# Number of stable matchings

In the stable marriage problem, is it possible to find an instance with $$2^{n -1}$$ stable matchings when $$n$$ is a power of 2 (or just even)? If yes, how? I know how to build an instance in which $$2^{n/2}$$ stable matchings can be obtained, but was wondering if the aforementioned number of stable matchings ($$2^{n -1}$$) can be obtained too.

Yes. Thurber showed [1,Theorem 5] that for all $$n\geq 1$$, the maximum number of stable matchings is at least $$\frac{(2.28)^n}{(1+\sqrt{3})^{1+\log_2 n}}$$.
If I'm not mistaken this is strictly greater than $$2^n$$ for all $$n\geq 52$$ (and of course asymptotically it's an exponential factor more).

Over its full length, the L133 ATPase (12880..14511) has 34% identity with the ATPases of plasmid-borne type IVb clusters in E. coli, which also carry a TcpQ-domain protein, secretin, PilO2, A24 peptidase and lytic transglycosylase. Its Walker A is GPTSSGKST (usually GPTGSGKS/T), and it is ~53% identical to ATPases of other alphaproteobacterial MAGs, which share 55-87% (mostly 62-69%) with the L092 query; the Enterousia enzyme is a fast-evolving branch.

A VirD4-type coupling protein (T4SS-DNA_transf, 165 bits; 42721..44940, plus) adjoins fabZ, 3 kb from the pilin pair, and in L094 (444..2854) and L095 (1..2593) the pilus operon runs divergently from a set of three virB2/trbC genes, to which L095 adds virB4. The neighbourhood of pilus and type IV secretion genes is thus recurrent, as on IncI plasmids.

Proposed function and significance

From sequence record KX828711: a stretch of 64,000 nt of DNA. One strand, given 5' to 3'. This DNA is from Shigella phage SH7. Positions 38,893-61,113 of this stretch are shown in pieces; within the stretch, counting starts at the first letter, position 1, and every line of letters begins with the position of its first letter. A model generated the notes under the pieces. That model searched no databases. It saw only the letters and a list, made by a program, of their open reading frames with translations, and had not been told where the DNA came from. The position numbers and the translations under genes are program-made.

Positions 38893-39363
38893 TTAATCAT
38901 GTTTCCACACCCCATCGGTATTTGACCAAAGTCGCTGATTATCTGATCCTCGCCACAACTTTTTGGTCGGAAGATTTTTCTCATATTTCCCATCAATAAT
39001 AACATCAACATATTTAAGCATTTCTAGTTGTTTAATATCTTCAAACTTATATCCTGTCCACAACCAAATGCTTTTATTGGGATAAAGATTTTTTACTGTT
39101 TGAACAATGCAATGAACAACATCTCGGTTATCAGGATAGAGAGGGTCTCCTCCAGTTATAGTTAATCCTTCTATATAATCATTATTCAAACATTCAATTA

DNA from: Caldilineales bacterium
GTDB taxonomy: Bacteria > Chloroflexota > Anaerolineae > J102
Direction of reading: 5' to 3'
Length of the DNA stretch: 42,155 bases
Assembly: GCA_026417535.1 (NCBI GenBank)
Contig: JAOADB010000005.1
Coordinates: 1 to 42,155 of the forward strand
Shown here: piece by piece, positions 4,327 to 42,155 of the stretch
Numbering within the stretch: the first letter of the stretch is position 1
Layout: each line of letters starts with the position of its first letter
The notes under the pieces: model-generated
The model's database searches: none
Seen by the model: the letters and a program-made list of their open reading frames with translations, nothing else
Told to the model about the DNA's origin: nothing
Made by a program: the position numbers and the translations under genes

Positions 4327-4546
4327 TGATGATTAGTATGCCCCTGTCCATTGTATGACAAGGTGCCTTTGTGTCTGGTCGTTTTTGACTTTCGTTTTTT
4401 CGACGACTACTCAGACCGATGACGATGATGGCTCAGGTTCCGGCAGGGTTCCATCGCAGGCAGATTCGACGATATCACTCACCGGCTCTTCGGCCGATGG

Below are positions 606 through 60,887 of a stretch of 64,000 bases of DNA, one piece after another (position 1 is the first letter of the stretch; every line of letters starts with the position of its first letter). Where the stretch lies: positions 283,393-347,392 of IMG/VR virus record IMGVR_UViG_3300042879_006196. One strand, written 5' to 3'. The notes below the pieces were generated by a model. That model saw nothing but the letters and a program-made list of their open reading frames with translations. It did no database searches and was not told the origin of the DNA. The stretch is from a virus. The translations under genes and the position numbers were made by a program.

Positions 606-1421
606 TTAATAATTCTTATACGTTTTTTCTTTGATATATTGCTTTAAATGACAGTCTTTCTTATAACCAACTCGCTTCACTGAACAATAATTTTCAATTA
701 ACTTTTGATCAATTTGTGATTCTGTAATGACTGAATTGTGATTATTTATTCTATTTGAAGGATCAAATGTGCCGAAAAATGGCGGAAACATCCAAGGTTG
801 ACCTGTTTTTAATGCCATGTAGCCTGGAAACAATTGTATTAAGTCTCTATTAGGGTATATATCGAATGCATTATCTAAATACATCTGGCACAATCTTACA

• He also mentions that examples meeting the specific question of the OP (instances with $2^{n-1}$ stable matchings when $n$ is a power of $2$) were previously constructed in P. W. Irving, R. Leather, The complexity of counting stable marriages, SIAM J. Comput. 15 (1986), 655--667. Commented Sep 16, 2022 at 8:16
• I've heard of this gem of a paper (soon to be updated) giving a $3.55^n$ upper bound: arxiv.org/abs/2011.00915 Commented Sep 18, 2022 at 18:25